At the Pacific Zen Institute, the emphasis is on taking one step into freedom, and having company along the way. PZI has opened koans and meditation to the light of fresh approaches, to conversation and collaboration, to the joys and tussles of real life. It is committed to the truth that we wake up together.
The best way to learn about meditation and koans is to try them.
Here are some words from a few of our teachers, about what we do and why:
Koan meditation is a way of showing up for your own life. You sit or work or talk and don’t add anything to it. You don’t criticize anything your mind offers. You don’t need to assess or improve the moment. And if you are criticizing the moment or your own state of mind, you don’t criticize that. In that way compassion appears. That way you show up for your own life.
The ancient wisdom of Zen koans tells how to make room in your life for the unaccountable. You don’t have to worry your way through a predicament; it’s more like when you hear music and your body just dances. Koans are a great treasure that anyone can bring to life. They can show how to be at home in the universe including your own skin and situation.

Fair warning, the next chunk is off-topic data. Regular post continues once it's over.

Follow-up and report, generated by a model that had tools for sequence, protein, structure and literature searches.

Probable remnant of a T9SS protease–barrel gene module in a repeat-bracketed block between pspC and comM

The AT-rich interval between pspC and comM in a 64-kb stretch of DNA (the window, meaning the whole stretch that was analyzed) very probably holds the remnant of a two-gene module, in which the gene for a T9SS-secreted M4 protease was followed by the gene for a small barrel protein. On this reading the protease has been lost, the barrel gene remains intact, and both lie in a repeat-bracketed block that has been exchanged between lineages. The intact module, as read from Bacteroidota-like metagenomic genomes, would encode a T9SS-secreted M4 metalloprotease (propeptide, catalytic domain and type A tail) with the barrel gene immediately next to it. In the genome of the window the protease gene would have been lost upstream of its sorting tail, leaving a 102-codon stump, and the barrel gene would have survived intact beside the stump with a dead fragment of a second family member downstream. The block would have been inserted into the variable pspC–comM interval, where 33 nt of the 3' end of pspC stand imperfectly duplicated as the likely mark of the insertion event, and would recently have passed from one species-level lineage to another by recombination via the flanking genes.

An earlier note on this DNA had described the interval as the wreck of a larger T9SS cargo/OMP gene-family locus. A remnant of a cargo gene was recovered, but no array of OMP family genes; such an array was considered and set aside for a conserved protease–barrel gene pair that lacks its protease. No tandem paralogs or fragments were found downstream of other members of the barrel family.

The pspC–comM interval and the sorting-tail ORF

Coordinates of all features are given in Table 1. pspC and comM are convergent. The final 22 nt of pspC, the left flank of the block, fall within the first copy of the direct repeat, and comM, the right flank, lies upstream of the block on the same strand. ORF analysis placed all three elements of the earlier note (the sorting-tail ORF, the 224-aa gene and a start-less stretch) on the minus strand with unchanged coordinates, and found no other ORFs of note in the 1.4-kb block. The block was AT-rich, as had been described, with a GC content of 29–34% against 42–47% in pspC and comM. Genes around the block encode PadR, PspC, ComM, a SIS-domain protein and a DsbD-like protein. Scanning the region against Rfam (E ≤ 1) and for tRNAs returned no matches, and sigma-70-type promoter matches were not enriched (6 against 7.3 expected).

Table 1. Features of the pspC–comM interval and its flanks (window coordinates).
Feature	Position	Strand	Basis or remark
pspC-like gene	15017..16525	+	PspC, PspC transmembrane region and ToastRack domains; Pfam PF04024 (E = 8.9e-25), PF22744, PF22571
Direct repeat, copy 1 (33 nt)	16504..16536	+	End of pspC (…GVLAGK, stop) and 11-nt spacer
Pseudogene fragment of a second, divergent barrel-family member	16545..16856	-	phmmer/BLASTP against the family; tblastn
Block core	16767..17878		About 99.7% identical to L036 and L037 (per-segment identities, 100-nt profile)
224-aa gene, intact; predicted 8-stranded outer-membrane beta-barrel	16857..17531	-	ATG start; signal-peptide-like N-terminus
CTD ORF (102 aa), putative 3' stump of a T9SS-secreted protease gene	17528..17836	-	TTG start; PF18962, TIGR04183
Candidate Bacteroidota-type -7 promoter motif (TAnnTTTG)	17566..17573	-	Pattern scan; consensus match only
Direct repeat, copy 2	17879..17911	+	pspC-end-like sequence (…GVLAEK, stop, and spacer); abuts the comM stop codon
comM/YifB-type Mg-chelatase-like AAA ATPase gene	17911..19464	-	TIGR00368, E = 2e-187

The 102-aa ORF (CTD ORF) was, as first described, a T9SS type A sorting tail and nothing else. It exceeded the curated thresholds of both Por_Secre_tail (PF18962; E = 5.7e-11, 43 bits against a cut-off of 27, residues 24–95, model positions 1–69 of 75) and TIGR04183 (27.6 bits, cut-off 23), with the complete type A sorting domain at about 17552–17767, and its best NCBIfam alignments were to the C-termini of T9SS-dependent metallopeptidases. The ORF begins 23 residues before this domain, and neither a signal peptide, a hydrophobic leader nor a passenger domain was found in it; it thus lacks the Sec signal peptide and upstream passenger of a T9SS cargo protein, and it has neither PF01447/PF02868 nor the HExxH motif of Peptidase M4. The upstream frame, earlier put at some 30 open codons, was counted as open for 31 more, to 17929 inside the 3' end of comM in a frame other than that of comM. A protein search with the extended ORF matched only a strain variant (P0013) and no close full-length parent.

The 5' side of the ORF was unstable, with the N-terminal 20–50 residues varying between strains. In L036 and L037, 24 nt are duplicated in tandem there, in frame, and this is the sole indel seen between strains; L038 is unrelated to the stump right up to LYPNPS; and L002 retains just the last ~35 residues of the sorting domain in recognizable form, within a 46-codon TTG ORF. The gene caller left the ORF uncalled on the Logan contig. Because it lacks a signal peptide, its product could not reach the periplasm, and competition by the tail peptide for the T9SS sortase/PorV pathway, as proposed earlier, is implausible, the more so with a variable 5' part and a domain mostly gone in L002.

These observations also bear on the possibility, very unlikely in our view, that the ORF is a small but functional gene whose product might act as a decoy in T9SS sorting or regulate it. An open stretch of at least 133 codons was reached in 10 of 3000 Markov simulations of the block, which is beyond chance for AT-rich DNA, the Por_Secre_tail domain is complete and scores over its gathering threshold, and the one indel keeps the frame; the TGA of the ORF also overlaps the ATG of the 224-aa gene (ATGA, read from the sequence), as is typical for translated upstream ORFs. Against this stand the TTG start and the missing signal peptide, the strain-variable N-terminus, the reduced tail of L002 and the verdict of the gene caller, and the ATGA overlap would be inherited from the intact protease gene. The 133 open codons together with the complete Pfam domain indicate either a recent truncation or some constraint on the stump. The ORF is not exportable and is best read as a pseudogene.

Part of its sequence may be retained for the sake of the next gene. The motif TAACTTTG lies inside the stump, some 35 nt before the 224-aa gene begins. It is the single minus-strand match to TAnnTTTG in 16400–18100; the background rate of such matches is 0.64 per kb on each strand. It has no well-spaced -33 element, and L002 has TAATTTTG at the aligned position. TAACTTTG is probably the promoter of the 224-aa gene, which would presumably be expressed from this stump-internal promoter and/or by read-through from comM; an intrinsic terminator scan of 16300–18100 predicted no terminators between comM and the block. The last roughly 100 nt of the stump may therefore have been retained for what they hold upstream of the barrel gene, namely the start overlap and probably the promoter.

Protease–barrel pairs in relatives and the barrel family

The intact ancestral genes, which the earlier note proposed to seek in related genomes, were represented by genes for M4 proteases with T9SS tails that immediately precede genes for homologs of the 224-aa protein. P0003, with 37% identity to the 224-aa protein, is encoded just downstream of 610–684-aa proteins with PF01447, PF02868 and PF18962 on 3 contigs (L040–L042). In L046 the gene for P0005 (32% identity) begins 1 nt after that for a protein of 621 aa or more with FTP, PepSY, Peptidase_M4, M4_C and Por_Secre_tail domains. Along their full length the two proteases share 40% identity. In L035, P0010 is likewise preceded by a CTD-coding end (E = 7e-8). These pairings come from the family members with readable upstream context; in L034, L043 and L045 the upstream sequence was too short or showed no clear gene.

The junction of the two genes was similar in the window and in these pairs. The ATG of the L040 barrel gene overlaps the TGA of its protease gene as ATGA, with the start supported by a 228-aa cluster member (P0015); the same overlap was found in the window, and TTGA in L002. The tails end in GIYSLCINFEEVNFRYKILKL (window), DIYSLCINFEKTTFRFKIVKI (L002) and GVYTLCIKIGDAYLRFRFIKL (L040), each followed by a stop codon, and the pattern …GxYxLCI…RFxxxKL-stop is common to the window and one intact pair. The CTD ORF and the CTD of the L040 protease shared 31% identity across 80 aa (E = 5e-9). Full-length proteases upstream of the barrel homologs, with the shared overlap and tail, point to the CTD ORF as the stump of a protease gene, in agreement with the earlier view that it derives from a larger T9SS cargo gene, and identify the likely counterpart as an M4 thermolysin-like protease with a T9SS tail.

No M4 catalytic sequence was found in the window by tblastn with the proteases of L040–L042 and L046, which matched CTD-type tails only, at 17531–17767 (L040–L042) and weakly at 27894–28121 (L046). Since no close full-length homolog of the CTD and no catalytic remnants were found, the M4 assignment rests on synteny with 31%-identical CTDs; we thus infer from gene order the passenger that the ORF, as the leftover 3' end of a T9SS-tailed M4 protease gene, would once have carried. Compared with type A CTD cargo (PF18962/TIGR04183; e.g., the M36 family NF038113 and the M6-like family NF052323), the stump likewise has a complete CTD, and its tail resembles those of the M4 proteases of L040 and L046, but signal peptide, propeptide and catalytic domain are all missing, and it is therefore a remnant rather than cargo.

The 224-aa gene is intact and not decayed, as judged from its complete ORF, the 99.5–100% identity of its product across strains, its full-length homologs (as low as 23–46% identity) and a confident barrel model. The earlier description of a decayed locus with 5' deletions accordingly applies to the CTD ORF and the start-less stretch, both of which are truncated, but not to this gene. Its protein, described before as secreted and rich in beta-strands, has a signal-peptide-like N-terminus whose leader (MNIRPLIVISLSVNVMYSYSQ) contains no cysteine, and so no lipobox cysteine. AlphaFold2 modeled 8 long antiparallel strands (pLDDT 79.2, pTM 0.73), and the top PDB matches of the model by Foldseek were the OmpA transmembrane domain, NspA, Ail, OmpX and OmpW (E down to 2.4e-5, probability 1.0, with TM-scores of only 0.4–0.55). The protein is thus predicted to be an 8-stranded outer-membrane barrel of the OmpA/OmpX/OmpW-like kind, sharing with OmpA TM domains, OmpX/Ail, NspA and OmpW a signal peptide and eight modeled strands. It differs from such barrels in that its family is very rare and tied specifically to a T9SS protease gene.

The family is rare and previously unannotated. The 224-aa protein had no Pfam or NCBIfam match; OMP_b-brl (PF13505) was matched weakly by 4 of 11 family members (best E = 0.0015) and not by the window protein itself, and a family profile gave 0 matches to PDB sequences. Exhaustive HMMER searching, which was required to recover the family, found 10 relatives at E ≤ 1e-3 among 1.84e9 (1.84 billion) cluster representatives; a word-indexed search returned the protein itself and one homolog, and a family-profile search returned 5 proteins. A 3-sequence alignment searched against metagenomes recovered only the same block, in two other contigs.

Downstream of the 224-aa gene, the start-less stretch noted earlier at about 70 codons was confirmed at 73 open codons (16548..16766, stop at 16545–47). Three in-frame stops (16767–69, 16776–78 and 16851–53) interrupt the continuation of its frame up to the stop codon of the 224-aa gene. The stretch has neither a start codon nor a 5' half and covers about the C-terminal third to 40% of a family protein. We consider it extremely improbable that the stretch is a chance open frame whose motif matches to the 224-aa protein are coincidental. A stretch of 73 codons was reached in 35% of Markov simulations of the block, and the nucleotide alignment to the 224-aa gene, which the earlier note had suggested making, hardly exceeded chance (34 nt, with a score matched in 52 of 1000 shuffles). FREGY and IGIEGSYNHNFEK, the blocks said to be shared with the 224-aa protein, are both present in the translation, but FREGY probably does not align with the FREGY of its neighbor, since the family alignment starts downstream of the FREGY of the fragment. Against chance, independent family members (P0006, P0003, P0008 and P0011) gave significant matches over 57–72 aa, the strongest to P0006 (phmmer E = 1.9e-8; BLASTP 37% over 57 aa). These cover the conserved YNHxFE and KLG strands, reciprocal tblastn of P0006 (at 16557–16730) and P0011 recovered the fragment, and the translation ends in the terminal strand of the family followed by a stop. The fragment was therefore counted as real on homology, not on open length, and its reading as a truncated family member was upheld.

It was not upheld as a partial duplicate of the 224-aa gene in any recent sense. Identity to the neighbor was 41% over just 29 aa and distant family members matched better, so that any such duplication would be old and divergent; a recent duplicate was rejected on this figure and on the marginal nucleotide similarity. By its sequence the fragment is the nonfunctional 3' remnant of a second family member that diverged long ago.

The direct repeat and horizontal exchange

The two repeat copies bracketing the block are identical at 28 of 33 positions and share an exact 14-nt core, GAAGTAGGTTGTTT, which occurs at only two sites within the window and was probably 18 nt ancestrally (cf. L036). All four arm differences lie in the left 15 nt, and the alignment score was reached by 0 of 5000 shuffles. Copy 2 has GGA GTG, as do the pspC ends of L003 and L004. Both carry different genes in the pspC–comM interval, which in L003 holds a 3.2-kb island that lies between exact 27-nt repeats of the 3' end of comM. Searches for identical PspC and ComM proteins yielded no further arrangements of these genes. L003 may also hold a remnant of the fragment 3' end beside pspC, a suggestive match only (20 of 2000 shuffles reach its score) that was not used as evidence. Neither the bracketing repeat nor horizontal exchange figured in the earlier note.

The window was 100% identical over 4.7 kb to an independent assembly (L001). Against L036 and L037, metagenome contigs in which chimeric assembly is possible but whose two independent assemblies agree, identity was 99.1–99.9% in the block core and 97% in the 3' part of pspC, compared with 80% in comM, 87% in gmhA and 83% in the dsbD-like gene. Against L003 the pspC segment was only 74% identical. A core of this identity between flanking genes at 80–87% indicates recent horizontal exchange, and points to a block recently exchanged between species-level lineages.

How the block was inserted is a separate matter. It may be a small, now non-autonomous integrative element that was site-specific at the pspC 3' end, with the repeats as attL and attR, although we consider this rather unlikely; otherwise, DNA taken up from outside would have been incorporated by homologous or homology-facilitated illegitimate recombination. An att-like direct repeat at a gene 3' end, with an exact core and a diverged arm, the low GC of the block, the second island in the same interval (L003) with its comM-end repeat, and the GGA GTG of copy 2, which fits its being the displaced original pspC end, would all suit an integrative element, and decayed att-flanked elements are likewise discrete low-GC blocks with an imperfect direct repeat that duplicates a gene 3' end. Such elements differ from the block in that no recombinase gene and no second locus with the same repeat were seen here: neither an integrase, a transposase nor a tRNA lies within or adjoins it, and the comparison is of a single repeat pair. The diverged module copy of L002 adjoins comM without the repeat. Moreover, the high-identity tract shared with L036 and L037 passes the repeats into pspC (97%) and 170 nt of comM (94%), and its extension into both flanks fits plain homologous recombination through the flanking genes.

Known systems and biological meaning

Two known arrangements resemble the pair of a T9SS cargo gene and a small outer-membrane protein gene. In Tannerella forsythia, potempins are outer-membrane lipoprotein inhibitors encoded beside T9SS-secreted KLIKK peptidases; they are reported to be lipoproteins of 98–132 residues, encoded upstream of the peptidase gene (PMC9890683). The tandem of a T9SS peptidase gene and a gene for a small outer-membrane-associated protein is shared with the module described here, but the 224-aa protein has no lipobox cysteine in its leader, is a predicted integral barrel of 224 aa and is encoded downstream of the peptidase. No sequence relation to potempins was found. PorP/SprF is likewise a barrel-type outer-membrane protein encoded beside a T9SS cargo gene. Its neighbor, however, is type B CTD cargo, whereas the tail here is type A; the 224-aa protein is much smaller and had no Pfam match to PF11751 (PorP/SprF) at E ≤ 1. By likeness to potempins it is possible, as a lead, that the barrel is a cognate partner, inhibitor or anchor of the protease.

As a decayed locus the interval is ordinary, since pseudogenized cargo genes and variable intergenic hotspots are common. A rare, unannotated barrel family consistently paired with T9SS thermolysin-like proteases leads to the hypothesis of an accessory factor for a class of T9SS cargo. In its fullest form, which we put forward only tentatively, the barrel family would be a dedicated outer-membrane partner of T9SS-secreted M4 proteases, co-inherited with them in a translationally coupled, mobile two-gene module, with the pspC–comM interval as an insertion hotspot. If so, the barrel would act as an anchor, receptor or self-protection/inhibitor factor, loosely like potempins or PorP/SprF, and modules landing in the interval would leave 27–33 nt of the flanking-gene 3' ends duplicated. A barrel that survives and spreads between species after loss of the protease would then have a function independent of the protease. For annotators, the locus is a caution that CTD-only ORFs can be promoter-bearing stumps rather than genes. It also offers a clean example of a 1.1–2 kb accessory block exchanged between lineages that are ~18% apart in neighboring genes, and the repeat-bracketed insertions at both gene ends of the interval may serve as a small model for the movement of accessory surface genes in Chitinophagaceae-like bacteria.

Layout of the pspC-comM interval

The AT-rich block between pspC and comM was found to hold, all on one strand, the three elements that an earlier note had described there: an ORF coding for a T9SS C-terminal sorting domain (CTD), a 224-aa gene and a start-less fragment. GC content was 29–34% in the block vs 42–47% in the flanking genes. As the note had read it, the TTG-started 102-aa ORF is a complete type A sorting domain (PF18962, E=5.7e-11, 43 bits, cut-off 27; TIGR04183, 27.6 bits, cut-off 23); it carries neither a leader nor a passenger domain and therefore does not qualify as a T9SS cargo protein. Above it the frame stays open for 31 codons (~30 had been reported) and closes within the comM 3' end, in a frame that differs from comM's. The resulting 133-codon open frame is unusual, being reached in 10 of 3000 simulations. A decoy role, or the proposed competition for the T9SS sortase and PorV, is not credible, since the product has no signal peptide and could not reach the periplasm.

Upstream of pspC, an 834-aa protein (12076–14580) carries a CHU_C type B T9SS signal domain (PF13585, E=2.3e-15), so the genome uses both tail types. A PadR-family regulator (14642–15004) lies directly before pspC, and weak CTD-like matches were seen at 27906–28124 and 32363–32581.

Suffering is basically the thought, “This isn’t it.” Reasons to be unhappy can be very convincing. There is nothing wrong with worrying, scheming and hanging on for dear life, but it’s a narrow life. There is another way to live—you can live down a level where the obstacles are gates and the richness of life is already present.
– John Tarrant, Roshi
A while back there was a conversation about what koans do and somebody said they ‘untie our shoelaces.’ I liked that. We have the ‘shoelaces’ of our life all tied up nice and neat, based on the way we think things are, and hanging out with a koan will untie that knot and we may very well trip and fall into a whole new way of experiencing things.
So, I’d have to say that the practice helps both with the falling down and the standing up.
– David Weinstein, Roshi
When I meditate, new worlds appear. Sometimes I notice something physical, a way I hold my face, something about how I’m breathing. Sometimes I notice my thinking, and I wonder how it was I came to believe that thing, so far from what I really believe. Sometimes it’s the texture of reality that comes to me, how soft and nourishing this thing is that I had never noticed before, and the problems I had a moment before just fall off me. Sometimes I find myself trading places with a tree, a bird, and the koan shows me that my life is so much richer and more mysterious than I had been aware of.
– Rachel Boughton, Roshi